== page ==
0

stillinsteamboat 4 years, 2 months ago

Ofcourse Tony Lettunich defended the cost of litigation. We foot the bill for costly legal errors that should have never been made in the first place.

0

pitpoodle 4 years, 2 months ago

This would appear to be a good example of why it is important to keep this city lean. The more money they have, the less cautious they are when it comes to spending. Just think what they could do with SB property tax revenue. No thank you.

0

OnceLivedHere 4 years, 2 months ago

The Supremes get one right. Private property rights still exist in America. Its time for the libtards who have infested this once beautiful valley to realize that it's not a public commune. I can only hope that the rancher can recover the costs of this spurious litigation from the City as well.

0

Harvey Lyon 4 years, 2 months ago

Its just one more reason why I'm a sceptic when it comes to programs such as the YRLP, PDRs and other programs as such.

0

Scott Wedel 4 years, 2 months ago

Well, promises made at time of purchase were certainly not kept.

Though, those promises don't matter because the city screwed up the contract so that public access happened only after the cabin was built and there was no requirement that the cabin to be built.

This decision by the Colorado Supreme was absurdly easy because it simply upheld a written contract to mean what it says. That is why the Court of Appeals said that their decision should not be cited in any other cases because it simply upheld settled law. The Colorado Supreme Court rarely accepts such cases and doesn't even accept all cases which the Court of Appeals says established new precedents.

Why the City had any hopes that the case would be accepted is not obvious. It was an obvious waste of money and the people that decided to proceed with this case wasted public funds at the same time the city was laying people off.

0

Harvey Lyon 4 years, 2 months ago

Well clearlyHumble Ranch should top our "Bad Guys List" and receive all the negativity one can give without breaking the law. There are lots of ways to bring social pressures to bear without breaking the law.

Wonder what would happen if they were refused service by local restaurants or maintenance/contractor types.

0

Cooke 4 years, 2 months ago

oncelivedthere -- seems the Supreme Court did get it right by the letter of the law -- couldn't expect them to rule differently according to the strikingly poorly written contract. However, that certainly doesn't mean that these people (the Trousils) are not completely morally corrupt and deserve nothing but condemnation from this community. If the liberals which you denigrate stand for holding a man to his word...well I guess I wouldn't want to be a conservative. Hope you don't "stilllivehere".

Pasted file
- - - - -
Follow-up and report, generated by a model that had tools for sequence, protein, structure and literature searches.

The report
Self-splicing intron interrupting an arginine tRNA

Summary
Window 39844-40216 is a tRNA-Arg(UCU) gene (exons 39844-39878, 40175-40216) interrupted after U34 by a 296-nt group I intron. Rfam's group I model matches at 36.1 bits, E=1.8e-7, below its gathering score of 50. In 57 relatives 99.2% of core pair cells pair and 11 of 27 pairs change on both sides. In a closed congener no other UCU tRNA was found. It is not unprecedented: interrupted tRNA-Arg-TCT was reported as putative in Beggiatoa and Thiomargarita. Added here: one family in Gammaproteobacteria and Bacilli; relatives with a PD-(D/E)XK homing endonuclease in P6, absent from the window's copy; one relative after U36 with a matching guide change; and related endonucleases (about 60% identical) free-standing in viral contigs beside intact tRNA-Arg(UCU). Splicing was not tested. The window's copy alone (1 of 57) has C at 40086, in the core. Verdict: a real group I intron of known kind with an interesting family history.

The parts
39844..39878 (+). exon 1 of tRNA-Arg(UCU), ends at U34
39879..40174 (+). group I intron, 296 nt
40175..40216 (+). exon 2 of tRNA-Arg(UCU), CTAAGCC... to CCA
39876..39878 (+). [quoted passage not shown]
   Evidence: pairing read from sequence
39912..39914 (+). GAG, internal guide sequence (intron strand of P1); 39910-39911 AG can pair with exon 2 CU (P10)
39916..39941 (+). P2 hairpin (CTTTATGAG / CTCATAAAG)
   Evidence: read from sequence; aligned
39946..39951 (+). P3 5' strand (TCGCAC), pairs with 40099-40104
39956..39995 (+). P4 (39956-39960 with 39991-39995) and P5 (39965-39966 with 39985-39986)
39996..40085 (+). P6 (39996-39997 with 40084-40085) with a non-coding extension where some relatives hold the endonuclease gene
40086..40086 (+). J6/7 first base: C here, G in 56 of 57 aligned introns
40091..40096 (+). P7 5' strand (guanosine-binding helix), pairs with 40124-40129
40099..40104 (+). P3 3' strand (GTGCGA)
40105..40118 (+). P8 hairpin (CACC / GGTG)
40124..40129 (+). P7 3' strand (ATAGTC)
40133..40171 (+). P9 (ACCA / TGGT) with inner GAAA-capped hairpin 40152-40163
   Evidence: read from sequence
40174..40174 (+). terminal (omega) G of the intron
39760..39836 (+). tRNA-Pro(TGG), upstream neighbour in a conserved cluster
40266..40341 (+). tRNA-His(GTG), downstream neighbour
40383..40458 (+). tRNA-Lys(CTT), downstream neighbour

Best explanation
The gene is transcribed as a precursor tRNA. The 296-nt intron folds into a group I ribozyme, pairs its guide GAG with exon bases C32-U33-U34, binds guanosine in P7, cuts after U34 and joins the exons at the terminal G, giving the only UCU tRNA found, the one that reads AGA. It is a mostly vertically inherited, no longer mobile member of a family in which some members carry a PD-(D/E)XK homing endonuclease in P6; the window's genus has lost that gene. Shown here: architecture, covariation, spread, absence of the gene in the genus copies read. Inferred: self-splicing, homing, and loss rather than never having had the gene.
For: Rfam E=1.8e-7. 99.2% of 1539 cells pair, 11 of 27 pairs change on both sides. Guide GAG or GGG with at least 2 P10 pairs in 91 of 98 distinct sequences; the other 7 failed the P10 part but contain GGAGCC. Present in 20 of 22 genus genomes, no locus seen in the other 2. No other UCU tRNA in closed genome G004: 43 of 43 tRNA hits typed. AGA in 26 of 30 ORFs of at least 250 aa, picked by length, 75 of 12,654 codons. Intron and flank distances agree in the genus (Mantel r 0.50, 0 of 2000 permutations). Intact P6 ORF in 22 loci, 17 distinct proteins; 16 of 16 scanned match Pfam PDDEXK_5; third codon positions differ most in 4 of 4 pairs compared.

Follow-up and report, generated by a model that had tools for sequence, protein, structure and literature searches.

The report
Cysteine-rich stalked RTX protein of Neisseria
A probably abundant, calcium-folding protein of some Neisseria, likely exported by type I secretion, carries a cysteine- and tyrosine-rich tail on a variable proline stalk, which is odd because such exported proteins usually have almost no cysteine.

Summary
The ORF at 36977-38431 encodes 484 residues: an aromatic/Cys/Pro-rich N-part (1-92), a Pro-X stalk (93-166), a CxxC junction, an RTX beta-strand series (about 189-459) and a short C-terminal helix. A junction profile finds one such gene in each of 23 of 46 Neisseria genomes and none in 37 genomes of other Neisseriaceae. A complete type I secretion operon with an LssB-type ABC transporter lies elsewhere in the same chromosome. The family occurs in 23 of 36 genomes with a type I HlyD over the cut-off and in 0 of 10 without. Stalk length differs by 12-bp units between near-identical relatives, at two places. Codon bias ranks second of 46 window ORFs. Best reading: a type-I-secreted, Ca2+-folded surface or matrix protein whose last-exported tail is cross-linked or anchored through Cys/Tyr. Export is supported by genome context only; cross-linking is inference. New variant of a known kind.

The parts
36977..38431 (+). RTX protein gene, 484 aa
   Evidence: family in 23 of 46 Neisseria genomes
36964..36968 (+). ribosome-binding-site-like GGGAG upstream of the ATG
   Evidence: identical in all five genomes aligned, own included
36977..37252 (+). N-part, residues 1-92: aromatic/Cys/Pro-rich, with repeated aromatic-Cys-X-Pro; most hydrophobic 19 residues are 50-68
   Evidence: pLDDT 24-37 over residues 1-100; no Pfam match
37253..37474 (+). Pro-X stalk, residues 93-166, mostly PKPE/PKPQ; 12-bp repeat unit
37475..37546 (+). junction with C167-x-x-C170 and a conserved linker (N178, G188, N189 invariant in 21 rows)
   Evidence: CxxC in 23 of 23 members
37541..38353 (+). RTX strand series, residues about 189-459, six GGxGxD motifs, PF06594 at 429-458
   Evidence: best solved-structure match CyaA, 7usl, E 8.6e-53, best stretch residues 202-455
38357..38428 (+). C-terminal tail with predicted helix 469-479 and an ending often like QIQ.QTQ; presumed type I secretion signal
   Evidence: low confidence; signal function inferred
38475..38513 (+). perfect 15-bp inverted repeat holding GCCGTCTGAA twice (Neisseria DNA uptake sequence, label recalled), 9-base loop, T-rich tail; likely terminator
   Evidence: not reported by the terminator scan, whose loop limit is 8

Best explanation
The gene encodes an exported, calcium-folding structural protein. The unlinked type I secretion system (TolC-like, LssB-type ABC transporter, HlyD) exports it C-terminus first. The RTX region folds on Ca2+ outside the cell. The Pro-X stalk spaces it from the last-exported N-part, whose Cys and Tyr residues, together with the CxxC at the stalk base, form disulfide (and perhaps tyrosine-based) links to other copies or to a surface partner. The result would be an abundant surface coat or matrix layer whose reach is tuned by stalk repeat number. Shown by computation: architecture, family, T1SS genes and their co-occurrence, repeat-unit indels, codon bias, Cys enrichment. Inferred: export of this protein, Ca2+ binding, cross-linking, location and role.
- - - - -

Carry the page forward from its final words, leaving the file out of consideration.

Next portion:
0

Jeff_Kibler 4 years, 1 month ago

The $950,000 was provided by Great Outdoors Colorado. GOCO is funded by lottery proceeds, so no tax dollars were involved unless you consider the lottery a tax on the stupid.

0

chickadee 4 years, 1 month ago

Will someone please post directions on how to access Agate Creek trail? Is there a place where the public can park on or around the access point on Elk Lane? And can someone please clarify--can the public traverse Elk Lane to the start of the Agate Creek Trail even though Elk Lane is private? Will someone who hikes regularly on Agate Creek Trail post some info on this thread about whether that is a worthwhile place to go? Is the mile long hike up Elk Lane boring? I am just curious. I have heard about this "Agate Creek Trail" but I have no idea who uses it, how crowded it gets, how exactly to access it and whether it is even worth the effort. Is Agate Creek a trail for walking, running, snow shoe, or all three? Is it open to the public year round and does it traverse through or next to the "Humble" Ranch???

Anyone?

0

Brent Boyer 4 years, 1 month ago

chickadee: This previously published story (particularly the graphic on the lefthand side of the page) should answer some of your questions about access to the trail:

Brent

0

chickadee 4 years, 1 month ago

Thanks for the linkage, Brent. I recall that story. Such a nice picture accompanied it. Sorry that I was too lazy to look it up.

Still interested to know to what level the general public uses the agate creed trail. Do many people go there as a specific designation and park below Elk Ln, or is this a more territorial trail for those who live in the area? It is a good trail for snowshoeing?

There are some trails that I can think of that although they are technically public, those who do not live in the neighborhood of the trailhead are gonna get the side eye from territorial neighbors. Just sayin'.

0

housepoor 4 years, 1 month ago

I say lets run the yellow line up there, put it on every trail map in the city, maybe add a trail running race and a daily guided hike though yampakita. We paid for the access so lets use it.

0

Requires free registration

Posting comments requires a free account and verification.